Legion. An amalgamated journal.

The Election of 1860

A revised history

Throughout the middle of the century, talls had been working their way steadily into popular culture, and little by little the old stereotype of the United States as a place of diminutive New Englanders was wearing away. Talls like the quasi-mythic figure Paul Bunyan provided inspirational examples for other talls looking to break through old discriminatory hiring practices in conservative enclaves like the lumber industry. Most importantly, however, the presence of talls like Bunyan at the center of the American imagination proved that the nation could look beyond height differences and embrace a diverse, pluralistic definition of Americanism.

Still, it was not until the election of 1860 that the United States faced the prospect of a tall in the White House. This would become the real test of how far the American mind had really broadened. After it was found that Seward and Chase were inexplicably despised by large swathes of Republican constituency blocks, and, furthermore, that they would have had difficulty capturing the western states, the 6′ 4″ Abraham Lincoln won the Republican Party’s nomination for President. Even for many Republicans, this seemed a dangerous choice. Some applauded Lincoln’s nomination as a “historical moment” in the democratic process. Others met Lincoln’s nomination with cooler receptions, ranging from worries that he would be under too much political pressure to serve the tall community all the way to allegations that he was actually a candidate from a tribe of undiscovered tall islanders in the Pacific.

Lincoln’s father, Thomas Lincoln, had married an average-height Virginian, Nancy Hanks, in 1805. When Abraham was born it was not yet clear whether he would inherit his father’s or his mother’s height genes. By the time the young boy reached his teens, however, it was obvious that he was a tall. Lincoln avoided discussing his height in most of his unsuccessful bids for various state nominations in Illinois. However, he could not escape the constant commentary of observers who saw him as a member of a new generation of tall politicians, and by the 1850s, many were already whispering about Lincoln’s possible future as the first tall president.

After news of the nomination was released, the newspapers and orators made a great fuss about the situation. Forums, editorials, and debate societies obsessed over whether America was “ready” for a tall president. Some cloaked the discussion in terms of ‘tradition’ and ‘change.’ Many tried to tie Lincoln’s bizarre figure in with growing fears about Irish and Italian immigration to the coastal cities. Others accused him of playing the “height card” and bullying other talls into voting for him out of solidarity. The choice of the squat Mainer Hannibal Hamlin as Lincoln’s running mate did little to blunt the accusations that he was out-of-line with the political altitude of the country.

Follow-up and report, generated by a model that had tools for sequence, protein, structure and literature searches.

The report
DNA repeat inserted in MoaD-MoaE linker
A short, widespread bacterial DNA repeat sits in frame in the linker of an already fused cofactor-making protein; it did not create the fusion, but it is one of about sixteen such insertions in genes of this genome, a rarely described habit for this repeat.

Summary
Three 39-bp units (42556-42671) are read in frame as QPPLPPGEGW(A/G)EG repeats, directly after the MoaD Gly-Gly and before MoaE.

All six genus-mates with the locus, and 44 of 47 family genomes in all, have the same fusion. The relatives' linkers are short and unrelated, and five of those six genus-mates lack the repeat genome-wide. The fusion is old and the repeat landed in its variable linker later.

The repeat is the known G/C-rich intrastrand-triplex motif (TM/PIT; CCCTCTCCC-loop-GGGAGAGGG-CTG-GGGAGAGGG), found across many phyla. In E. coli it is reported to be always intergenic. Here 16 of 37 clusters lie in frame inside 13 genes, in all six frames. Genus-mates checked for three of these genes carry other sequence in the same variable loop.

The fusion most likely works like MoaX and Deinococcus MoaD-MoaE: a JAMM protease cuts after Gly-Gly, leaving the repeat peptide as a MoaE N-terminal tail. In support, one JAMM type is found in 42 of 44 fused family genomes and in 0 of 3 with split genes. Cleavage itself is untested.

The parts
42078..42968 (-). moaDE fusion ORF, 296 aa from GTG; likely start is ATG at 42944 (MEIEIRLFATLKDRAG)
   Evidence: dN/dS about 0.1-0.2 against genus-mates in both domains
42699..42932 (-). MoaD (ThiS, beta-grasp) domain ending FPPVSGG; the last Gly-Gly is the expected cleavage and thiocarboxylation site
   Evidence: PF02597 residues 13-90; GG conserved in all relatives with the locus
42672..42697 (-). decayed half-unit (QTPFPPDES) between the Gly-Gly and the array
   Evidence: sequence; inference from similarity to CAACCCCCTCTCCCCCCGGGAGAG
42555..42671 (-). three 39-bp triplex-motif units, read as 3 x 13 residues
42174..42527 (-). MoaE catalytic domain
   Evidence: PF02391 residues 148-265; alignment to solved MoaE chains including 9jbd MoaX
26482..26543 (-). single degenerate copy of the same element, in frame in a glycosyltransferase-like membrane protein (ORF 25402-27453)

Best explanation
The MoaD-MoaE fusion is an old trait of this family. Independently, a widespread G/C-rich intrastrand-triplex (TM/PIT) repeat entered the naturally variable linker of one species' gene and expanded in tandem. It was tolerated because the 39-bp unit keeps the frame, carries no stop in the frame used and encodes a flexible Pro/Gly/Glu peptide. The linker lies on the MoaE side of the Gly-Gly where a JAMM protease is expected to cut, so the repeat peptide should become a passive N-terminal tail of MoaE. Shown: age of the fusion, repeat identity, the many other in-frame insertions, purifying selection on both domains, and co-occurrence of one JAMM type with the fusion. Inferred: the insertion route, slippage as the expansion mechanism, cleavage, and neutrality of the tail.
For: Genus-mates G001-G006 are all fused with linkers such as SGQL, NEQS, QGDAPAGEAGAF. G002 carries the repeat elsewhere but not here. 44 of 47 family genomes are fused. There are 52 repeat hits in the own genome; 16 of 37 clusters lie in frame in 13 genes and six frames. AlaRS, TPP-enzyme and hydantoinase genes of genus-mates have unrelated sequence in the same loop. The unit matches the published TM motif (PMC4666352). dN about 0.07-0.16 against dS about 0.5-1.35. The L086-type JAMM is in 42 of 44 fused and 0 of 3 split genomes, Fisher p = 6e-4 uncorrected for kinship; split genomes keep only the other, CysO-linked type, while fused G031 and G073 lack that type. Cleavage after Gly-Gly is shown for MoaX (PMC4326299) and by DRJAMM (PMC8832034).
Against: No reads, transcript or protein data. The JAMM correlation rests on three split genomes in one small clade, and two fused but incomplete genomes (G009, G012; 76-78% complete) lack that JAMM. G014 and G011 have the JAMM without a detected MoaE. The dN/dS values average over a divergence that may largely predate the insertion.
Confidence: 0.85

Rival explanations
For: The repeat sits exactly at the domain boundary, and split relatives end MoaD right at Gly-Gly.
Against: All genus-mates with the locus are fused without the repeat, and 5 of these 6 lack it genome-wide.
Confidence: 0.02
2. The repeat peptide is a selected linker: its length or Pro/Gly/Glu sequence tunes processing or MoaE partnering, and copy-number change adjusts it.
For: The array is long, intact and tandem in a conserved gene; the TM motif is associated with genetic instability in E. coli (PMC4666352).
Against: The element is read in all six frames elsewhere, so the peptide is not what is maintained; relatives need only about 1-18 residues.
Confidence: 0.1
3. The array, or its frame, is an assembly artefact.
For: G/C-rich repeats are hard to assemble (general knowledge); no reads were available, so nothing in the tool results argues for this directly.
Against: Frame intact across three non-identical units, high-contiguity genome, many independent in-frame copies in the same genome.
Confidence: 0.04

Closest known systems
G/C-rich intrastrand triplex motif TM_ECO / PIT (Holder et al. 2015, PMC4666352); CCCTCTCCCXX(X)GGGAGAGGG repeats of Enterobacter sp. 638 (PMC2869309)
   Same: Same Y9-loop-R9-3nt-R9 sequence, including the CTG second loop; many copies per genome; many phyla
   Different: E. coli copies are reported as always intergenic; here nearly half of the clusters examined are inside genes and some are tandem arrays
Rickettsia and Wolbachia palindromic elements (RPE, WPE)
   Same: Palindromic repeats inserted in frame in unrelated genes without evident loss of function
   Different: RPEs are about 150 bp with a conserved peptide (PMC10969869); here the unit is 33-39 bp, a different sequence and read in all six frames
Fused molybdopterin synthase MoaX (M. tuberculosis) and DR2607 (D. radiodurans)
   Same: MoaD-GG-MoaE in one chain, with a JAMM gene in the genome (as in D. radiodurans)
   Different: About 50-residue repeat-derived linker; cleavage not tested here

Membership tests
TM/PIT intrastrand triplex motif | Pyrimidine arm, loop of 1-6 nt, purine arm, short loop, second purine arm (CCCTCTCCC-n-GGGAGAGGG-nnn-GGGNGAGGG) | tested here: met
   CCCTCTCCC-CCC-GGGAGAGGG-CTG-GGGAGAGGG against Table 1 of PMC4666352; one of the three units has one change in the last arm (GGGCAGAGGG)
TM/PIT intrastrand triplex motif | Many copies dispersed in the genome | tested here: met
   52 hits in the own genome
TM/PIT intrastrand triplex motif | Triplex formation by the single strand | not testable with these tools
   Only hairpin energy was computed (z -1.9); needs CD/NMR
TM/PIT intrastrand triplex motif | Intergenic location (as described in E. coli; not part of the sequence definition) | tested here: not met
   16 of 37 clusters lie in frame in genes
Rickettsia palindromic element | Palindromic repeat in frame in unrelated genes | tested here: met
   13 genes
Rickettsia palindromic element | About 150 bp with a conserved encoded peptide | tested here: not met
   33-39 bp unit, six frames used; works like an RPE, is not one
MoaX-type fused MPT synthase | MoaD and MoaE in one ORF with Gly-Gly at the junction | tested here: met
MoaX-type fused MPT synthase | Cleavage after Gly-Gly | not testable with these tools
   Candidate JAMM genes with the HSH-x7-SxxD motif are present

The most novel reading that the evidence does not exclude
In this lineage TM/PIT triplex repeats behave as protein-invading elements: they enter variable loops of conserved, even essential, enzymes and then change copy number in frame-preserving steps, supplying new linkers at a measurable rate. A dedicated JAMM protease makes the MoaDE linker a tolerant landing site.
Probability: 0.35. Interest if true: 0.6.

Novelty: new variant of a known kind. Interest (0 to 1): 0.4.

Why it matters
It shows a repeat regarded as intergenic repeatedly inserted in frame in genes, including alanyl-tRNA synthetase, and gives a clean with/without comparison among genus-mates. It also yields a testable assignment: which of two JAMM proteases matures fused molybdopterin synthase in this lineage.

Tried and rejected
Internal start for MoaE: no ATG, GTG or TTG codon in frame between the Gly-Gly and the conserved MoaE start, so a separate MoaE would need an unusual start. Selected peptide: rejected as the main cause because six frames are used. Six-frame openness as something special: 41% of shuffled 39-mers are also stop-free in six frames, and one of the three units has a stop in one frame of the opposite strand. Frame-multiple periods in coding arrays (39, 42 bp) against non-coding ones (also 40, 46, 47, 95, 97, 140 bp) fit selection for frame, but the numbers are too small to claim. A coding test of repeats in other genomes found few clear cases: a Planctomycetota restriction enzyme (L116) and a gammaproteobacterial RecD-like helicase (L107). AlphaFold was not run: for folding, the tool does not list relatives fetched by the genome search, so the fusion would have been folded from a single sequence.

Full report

This debate about whether a tall could really be President almost totally occupied popular discussion about the election, on both overt and obscured levels. There were some other trivial concerns facing the nation at the time—economic issues and some sectionalist tensions—but these were largely ignored by the great newspapermen.

All the same, Lincoln’s skills as an orator managed to woo over those who were skeptical of his physical stature. One man who was at Lincoln’s Cooper-Union speech in February remarked, “When Lincoln rose to speak, I was greatly disappointed. He was tall, tall—oh, how tall! and so angular and awkward that I had, for an instant, a feeling of pity for so ungainly a man.” But, as the speech continued, “his face lighted up as with an inward fire; the whole man was transfigured. I forgot his clothes, his personal appearance, and his individual peculiarities. Presently, forgetting myself, I was on my feet like the rest, yelling like a wild Indian, cheering this wonderful man.”

Lincoln’s opponents chalked up such sentiment to “Lincoln mania” and accused his supporters of wanting a “tall messiah.” They also mined a quote from Lincoln’s 1859 speech at the Wisconsin State Fair where he mentioned “trees, shrubs, fruits, plants, and flowers” to suggest that Lincoln was a “horticulturalist, like those from the Netherlands” who was so out-of-touch with normal values as to suggest that flowers were a major agricultural product. The leading newspapers carried weeks of columns on the “Botany Affair” with expert opinions on whether Lincoln could “understand” the concerns of workaday Americans. One column suggested that Lincoln’s “lofty” rhetoric was directly associated with his “lofty” height. Another political club organized a “Lincoln Trimming” day where members paraded through the streets with pruning shears cutting “Abe Bouquets.”

Garrett Dash Nelson

August 6th, 2008 at 5:05 pm

But perhaps you disagree

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The room is, as yet, filled with smoke and apprehension.